A New Kind of All-in-One
It’s funny, because analysts are always talking about how millennials are “killing” department stores and gravitating towards specialty retailers. But millennials’ preference for retailers with an expertise in one particular niche and their appreciation of mixed-use retail spaces is not mutually exclusive. Think of it this way: Would you rather purchase products from a symbiotic community of hyper-local product experts, each with a unique in-store experience and specialized knowledge in every unique inventory category you need; or would you rather buy from a couple of high-school kids with little to no familiarity with the inventory they’re selling?
The good news is that department stores can also capitalize on the mixed-use retail space trend. There are multiple ways for department store owners to do this that go beyond hiring more experienced staff members and implementing more rigorous training initiatives. Here are a few of them:
- Start seeing potential in those abandoned strip malls. Mark my words: they’re coming back and that decrepit old Blockbuster will soon be prime retail real estate once again. Bonus points if the strip mall just got a new fitness center.
- Have niche experts come into host in-store events. I’m talking about fit specialists, traveling make-up artists, chefs, jewelry makers, and yoga teachers when there’s the square footage and low noise level for a class. Retailers can even sponsor outdoor yoga classes to boost customer engagement.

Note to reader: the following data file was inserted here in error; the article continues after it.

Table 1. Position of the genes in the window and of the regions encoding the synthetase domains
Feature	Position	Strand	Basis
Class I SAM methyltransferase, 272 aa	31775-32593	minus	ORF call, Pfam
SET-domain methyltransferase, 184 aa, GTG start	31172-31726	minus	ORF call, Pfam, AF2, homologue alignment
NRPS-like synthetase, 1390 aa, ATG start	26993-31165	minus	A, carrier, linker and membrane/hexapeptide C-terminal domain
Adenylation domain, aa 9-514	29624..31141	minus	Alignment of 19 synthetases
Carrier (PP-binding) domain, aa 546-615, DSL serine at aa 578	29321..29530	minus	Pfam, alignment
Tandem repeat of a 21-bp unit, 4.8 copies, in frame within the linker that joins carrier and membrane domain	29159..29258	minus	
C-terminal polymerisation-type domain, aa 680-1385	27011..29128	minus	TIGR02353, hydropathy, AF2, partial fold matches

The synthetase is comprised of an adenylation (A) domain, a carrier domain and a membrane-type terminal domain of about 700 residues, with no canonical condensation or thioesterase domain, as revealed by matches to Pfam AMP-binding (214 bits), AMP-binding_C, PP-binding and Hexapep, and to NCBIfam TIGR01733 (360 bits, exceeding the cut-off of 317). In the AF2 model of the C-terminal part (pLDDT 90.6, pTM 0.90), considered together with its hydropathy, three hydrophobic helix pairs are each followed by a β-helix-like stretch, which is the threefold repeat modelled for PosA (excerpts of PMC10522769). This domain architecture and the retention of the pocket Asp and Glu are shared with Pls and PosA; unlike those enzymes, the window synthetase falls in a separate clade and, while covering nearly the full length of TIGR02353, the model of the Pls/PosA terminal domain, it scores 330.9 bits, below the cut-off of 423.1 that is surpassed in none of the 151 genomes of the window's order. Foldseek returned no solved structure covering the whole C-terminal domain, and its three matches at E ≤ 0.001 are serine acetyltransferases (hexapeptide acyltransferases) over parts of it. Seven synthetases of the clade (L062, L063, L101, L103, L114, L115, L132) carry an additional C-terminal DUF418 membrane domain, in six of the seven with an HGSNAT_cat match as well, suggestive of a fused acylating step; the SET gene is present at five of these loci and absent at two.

- Cafes and coworking spaces are millennial bait, so bring a coffee shop or an on-brand healthy eatery (with a great WiFi signal!) in-house.
- The furbaby movement is real. Choose locations with small fenced-in dog parks, real grass potty pads, and/or doggie daycares. At the very least, every mixed-use retail space needs a patch of grass, a dog bag dispenser, and a trash bin.
” Consumers spend money where they spend their time, so create areas with indoor/outdoor seating and phone charging stations where customers are encouraged to kick back and engage.
Millennial consumers are the most likely to spend more than $50 per visit in-store (74 percent). But it’s getting them to make the trip that’s the real challenge. Millennials expect retailers to know them better and to reflect their shopping habits more precisely than ever before. Half of the battle is utilizing individual consumer data correctly, but the other half is knowing how to create a space where these customers feel comfortable and at home. This is why mixed-use retail spaces are making a resurgence: the old one-stop-shop has evolved into the one-stop-shopping center. By giving millennials everything they want in one place, retailers can once again make their stores worth the trip–and be well on their way to becoming vibrant (and profitable) community epicenters once more.
Millennial consumers are a lot less complex than retailers make them out to be. They want to be comfortable and they want to go places that cater to their evolving lifestyles. And millennials set the pace for the purchasing behavior of other generations–soon the generations that come before and after millennials are looking for the exact same one-stop-shopping center experience.